Tuesday, April 27, 2010

Old Postcards

An old friend found me on facebook recently.

This is a technological feat that never ceases to amaze me, especially given my Polish maiden name. I haven't heard from this friend in well over 20 years. A whole lifetime.

We had dated when I was in high school; a private, all girl, Catholic institution. I was lost in high school and my art teacher recognized this. She had basically forced me to attend a local theater group to learn backstage skills, hoping I might find a place where I belonged.

I was scared out of my wits that first day. I walked in, completely clad in my plaid uniform, only to find the most diverse group of teens. Truly a real life "Breakfast Club". They were all smarter than I was, all knew each other, and all had previous backstage experience. And I was supposed to fit in there?

The group was led by a student from nearby Wesleyan University. He completely intimidated me. He was a few years older and worldly. He was dynamic. He was comfortable in his skin. He dressed so eclectic. And he expected me to fit in. Just like that. He never treated me any different that the other, cooler kids. So I did belong to this group of misfits and during that school year we produced a couple of plays at Wesleyan's '92 Theater.

I don't remember much about those plays. What I do remember is how the '92 Theater smelled. I can be right in that space by just closing my eyes. It was an old, rambling building with a sprawling basement where we built sets. You could get to the Wesleyan tunnels from the basement. It had an old fashion lighting booth where I seemed to spend most of my time. It's where I learned basic theater skills. And it's where I learned not to "build a boat in the basement", an odd lesson that has stuck with me to this day.

At the end of the year, when all of the plays were done, our group had a party in the '92. We lit up the stage, kept the audience dark and played the music loud. We weren't drinking. It was an honest celebration. I can still see us all dancing on the stage. At some point during the evening I found myself in that light booth with our fearless leader. It was innocent. Just a look that passed between us as we tried to say goodbye. But that look changed everything.

And so a young romance developed. No one in our misfit group knew because the theater season was over. We were an unlikely, taboo couple at best. He was of age; I wasn't. He was in charge; I was his charge. I was white; he wasn't. It probably was only a few months of a relationship, but in our youth, that was forever.

He moved back to New York City at the end of the school year but we continued to see each other whenever we could. One of the things I remember most about this time was waiting anxiously for the mail. He would send me postcards from New York. They were unique, quirky and charming. Almost all were black and white. Vintage cityscapes and old matinee stars. I tacked them to a wall in my bedroom. I would imagine him standing at a newspaper stand trying to decide which one to send me next. There was only a short note on the back of each, but that's all I needed.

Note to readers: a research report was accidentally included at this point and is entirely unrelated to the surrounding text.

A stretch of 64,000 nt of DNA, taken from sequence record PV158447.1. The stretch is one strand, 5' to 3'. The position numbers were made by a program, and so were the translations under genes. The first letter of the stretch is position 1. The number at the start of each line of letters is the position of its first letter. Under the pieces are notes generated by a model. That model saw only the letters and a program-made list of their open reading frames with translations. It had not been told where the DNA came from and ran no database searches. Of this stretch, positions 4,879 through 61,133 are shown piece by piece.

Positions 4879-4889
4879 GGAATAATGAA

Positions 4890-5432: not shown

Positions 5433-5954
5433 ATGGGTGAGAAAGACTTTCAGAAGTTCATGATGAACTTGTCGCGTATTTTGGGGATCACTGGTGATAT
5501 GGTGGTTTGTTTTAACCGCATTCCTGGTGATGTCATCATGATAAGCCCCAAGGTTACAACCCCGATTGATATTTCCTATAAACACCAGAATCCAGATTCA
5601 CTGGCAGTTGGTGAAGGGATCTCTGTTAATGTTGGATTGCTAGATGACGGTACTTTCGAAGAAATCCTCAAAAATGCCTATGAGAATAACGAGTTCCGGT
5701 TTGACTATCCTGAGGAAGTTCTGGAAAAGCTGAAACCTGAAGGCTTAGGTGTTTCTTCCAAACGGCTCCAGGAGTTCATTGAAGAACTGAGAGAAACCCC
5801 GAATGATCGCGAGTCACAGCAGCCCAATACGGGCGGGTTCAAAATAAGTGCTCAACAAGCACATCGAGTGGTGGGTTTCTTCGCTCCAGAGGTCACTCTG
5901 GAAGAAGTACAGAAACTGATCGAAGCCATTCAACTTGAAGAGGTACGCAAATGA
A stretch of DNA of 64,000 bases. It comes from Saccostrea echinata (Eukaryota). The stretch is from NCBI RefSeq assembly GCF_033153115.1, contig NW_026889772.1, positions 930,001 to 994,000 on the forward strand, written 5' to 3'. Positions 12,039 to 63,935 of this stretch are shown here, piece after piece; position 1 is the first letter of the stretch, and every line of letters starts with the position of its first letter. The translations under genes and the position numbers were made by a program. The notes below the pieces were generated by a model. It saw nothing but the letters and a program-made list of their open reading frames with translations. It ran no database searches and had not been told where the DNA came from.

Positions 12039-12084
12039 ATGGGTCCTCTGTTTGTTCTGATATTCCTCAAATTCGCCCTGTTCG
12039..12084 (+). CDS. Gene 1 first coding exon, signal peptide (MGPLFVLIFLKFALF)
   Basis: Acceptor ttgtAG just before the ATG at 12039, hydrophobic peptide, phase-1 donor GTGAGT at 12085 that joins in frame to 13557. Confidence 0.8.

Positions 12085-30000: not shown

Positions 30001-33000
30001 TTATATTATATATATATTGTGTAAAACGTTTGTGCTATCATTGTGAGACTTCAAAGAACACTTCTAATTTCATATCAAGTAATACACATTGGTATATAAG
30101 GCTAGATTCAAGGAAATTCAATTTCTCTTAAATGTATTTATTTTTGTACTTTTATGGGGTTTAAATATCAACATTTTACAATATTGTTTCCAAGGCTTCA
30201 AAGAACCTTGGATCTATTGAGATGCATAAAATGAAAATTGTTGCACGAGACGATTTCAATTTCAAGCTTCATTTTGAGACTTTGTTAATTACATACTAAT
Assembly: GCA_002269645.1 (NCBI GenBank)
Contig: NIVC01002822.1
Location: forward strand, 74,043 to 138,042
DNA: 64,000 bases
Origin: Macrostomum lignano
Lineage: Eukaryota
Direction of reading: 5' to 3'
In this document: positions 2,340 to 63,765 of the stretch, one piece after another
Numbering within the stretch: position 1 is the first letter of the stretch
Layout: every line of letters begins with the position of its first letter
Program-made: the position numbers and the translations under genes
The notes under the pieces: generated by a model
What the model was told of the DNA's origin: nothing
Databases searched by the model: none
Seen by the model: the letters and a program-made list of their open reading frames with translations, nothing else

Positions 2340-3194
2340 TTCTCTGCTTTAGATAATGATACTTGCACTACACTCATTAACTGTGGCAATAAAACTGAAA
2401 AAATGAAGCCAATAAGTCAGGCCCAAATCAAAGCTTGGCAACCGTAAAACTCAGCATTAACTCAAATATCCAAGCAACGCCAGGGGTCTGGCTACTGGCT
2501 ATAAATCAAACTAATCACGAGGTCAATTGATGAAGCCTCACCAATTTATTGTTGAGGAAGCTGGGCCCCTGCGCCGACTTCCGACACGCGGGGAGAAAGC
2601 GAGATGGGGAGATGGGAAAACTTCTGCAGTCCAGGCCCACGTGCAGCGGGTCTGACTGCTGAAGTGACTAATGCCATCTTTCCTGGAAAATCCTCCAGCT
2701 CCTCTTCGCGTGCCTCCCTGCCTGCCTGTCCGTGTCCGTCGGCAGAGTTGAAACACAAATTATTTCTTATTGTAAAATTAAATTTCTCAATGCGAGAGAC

The last time I saw him was at South Street Seaport in New York walking away from me in a blue seersucker suit on a hot summer day. I was wearing a a black and white dress.

Sometime at the end of the summer he moved to the other side of the world. I was crushed but there was nothing I could do. So I went from receiving my beloved postcards every few days to receiving mail maybe every couple of months to receiving no mail at all. And that's how it ended. He went on with his life as did I.

I've thought about him on occasion and, truth be told, have even tried to find him on facebook once. When I saw his "friend request" I was shocked. I had to look twice at the name but it was him. All the memories flooded to the surface.

After I accepted his friend request he sent me a message. It was short and heartfelt, just like the postcards. He apologized for hurting me all those years ago. I wasn't expecting that. I was just happy that he had found me.

This got me thinking. Has he been carrying that around with him all of these years? The last thing I ever want to be to anyone is a burden. This recent connection has made me look at my life and realize what an impact this youthful romance had on the relationships that followed. The apology has made me wonder who do I need to apologize to for my past behaviors or choices? Is it ever too late to apologize? And how do you accept an apology for a pain that no longer hurts?

I think it's only a rare few of us who get the chance to apologize. It's an even rarer few that get the chance to forgive. Both of these are acts of Grace and take courage. I'm sure in my youthful, romantic ignorance I hurt him as well. For that, I also apologize. My high school romance has a beautiful family of his own now and lives back in New York. And we are friends once again.


Today I went to one of my favorite bargain shops and there they were. The postcards. Thousands of them. Just the sight of them took my breath away like they had in my childhood mailbox over two decades ago. The sign said they had been recently found in a store room in New York City after 20 years of storage. 10 cards for a dollar.

So there we were, the postcards and I, lost and found in the same week.

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